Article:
The development team is in full control of the sprint backlog, and they can add or remove tasks as they see fit, at any time. What Scrum doesn't allow is for people outside the technical team (Product Owner, stakeholders, etc.) to change the composition of the sprint backlog once the sprint is underway.

That being said, the team should keep an eye on how much work they are adding to the sprint backlog, and whether that will still allow them to reach the sprint goal and keep their initial commitment. They should also be careful not to introduce completely new stories in the sprint backlog: adding new tasks that clarify the original intent, or new work that is discovered as part of doing the committed work is fine, but adding completely new stories is not.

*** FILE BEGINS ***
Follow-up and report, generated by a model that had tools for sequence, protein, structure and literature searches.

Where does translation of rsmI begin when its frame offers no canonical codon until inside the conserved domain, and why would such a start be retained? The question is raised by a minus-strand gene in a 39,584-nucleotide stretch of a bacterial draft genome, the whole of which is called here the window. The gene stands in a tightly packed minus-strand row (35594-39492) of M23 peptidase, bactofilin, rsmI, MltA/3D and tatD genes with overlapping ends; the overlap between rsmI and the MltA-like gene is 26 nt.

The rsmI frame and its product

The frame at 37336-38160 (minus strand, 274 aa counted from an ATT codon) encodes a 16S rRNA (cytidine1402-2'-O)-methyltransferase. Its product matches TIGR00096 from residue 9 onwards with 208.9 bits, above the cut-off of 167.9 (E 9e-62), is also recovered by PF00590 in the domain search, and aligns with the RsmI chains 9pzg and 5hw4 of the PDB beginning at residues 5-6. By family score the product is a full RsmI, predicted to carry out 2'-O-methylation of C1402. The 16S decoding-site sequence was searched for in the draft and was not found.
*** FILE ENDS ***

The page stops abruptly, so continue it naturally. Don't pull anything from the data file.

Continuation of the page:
One option would be just to add a full iteration where just design (just the necesary not a whole) is done and will generate taks for the next iteration.

Normally, you should try hard to avoid having "just design" iterations. Try simplifying the story scope, building something smaller, less sophisticated, but that gives a tangible result (in the form of real, running software.) Use that as an opportunity for learning, to identify new items for the backlog to be scheduled for future iterations.